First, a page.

When I reviewed the film The Prince and the Pauper I wrote that the movie was a reasonably faithful adaption of the book, though I hadn’t read it since I was a child. After reading it again, I have concluded that it is indeed a reasonable adaption, though there are a number of notable differences that I had forgotten.
The Prince and the Pauper, published in 1881, seems to blend the Cinderella archetype with the rich-person in-disguise-who-discovers-how-people-really-live archetype.Tom Canty is a beggar and Edward is the son of Henry VIII. When they meet by chance and exchange clothes, they realize that they look alike and that apart from the clothes, there is no way to tell who is prince and who is beggar (though Tom’s mother can tell them apart later – unlike everyone else, she truly knows her son and his unique quirks; there seems to be no one who truly knows Edward).
This brings up another theme: the difference between a king and a beggar is only the clothes and the way he is treated by others.
But after Tom and Edward change clothes, the prince goes outside and is mistaken for the beggar and thrown off the palace grounds while all the nobleman assume Tom is really the prince. They account for the fact that he denies being the prince, and that he seems to have forgotten important information, by assuming that he has temporarily lost his mind. Meanwhile, Edward goes about London in his ragged clothes proclaiming that he is the prince and people assume likewise that he is mad.
But Edward’s identity of prince is so deeply ingrained in him by education that it honestly never occurs to him that people might find it difficult to believe he is who he says. He is the prince and so he assumes that it should be enough for him simply to declare himself. he doesn’t adapt particularly well to his new surroundings and requires a rescuer in Miles Hendon, a soldier of fortune. Tom, on the other hand, initially denies being the prince, but adapts to the situation fairly well. He learns how to put on lordly manners, pumps his whipping boy for important information he ought to posses as prince and learns to minimize the kind of talk that leads people to assume he’s deranged. He even learns to like being prince and awes the lords and ladies with his wisdom in administering law.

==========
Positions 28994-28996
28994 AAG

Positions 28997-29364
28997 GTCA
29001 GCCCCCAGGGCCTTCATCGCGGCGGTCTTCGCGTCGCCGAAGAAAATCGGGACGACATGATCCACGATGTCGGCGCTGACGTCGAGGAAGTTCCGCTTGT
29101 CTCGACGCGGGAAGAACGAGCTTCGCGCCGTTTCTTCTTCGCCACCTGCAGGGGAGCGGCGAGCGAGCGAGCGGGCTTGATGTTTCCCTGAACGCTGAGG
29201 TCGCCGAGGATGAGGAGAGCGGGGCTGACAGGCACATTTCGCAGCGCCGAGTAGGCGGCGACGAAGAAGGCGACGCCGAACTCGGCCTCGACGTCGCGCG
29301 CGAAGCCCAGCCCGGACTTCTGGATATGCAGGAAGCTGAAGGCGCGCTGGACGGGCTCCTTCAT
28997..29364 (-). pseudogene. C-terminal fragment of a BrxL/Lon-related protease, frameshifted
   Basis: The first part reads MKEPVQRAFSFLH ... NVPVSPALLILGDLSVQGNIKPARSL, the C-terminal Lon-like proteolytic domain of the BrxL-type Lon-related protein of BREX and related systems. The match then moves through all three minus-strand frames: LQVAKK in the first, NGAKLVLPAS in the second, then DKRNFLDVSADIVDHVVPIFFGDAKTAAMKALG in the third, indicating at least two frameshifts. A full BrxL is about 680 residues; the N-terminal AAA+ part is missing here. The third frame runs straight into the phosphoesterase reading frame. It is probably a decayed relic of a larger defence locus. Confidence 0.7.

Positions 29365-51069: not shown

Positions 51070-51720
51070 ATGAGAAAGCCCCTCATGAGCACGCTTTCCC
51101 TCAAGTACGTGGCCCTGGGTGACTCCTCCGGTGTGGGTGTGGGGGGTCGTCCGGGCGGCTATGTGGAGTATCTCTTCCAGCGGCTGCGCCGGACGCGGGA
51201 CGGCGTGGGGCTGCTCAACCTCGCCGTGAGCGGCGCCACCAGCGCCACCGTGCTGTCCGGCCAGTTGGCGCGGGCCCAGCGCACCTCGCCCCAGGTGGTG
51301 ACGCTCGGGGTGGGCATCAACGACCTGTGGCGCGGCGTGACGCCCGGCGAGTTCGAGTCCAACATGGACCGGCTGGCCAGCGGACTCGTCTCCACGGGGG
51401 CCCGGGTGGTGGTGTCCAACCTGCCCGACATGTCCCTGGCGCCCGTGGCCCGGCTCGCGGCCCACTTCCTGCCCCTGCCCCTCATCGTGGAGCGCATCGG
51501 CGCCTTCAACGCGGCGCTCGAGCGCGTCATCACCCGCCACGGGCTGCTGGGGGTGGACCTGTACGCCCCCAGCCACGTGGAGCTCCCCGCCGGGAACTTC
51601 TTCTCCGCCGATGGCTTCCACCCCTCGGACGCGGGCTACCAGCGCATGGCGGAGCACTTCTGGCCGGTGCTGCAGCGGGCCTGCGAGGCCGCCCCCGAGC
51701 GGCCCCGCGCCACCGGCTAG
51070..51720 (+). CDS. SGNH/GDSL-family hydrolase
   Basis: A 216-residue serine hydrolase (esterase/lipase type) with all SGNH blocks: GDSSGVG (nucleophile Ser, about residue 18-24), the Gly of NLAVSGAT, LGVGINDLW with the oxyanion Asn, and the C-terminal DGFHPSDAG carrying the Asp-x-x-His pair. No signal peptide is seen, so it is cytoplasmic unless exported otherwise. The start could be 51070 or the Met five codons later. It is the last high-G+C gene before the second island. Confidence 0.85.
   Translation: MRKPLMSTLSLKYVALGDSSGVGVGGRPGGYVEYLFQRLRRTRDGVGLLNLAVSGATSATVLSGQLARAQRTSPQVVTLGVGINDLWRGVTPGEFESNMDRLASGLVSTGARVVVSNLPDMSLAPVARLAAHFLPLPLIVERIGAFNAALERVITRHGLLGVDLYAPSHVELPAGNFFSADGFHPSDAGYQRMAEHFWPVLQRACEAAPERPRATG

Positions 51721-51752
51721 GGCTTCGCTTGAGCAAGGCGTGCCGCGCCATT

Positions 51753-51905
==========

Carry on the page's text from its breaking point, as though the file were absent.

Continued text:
The Prince and the Pauper is a charming story, a bit like a fairy tale and like fairy tales, with a dark underside. Twain is very interested (as he was later in A Connecticut Yankee in King Arthur’s Court) in the injustices of the period, the superstition, the abject poverty and crime, the religious intolerance that would lead two Quakers to be burned at the stake, the death penalty for even the most paltry of crimes. It’s an eye opener for the young prince. It’s an eye opener for Tom Canty, as well, who discovers that the laws seem to be upheld simply because they are laws and not because any one actually believes them to be good.
It’s an historical, adventure, fairy tale. Edward has the most adventures and meets the most colorful cast of characters, like the hermit who believes himself to be an archangel, the Ruffler, who runs a gang of beggars and thieves, and Miles Hendon. Hendon is good-humored and dashing, likes to talk to himself cheerfully and essentially adopts Edward. He likes his spirit, even if he does think his mind is touched, and is resolved to cure him. Hendon’s story is entirely left out of the film. He’s a younger son who’s even young brother has stolen his home, his title and his beloved. In a mirror situation to Edward, no one believes Miles when he returns home and he is declared to be a lunatic and driven away.
What makes Hendon a good man is not that he believes Edward, but that he is kind to him. That seems to be another theme of the book. It is not important to know who a person is or have faith in them or know position, but it is important to treat them with humanity. There is a judge who pretends that the item Edward is thought to have stolen (he was framed) is worth less than it is, because all thefts over a certain price are punishable by death. There is the kind cottager and her children who feed Edward. They don’t do it because they believe he’s the prince, but simply out of goodness.
Twain must have been fascinated by the concept of exposing the injustices of the past by having previously cloistered royalty suffer the sting of their own laws, because he reused the concept in his 1889 A Connecticut Yankee in King Arthur’s Court (which set out to satirize Arthurian chivalry and somehow ended on a note of horrifying technological warfare and despair). In A Connecticut Yankee, there is a stranger who gains power (like Tom) and is able to bring a stranger’s fresh eyes to reshaping the unjust and illogical laws, while King Arthur travels the countryside disguised as a beggar and learns about the injustice and poverty and disease rife in his land (even nearly being sold into slavery).
A significant difference between the book and the movie is that in the book there is no plot by the Earl of Hertford to steal Edward’s throne. In the book, he is a good and humane man, nothing like Claude Rains’ schemer (though I’m not complaining about the changes, since I love it when Claude Rains schemes). Tom’s mother and sisters are likewise removed from the movie for the sake of simplicity and the more episodic nature of the book is streamlined.
I noticed that under the title of the book, the caption promised one hundred and ninety-two illustrations. It’s not a long book, so there must have been more illustrations than text! Too bad my copy didn’t have any of them. I would have liked to have seen them all.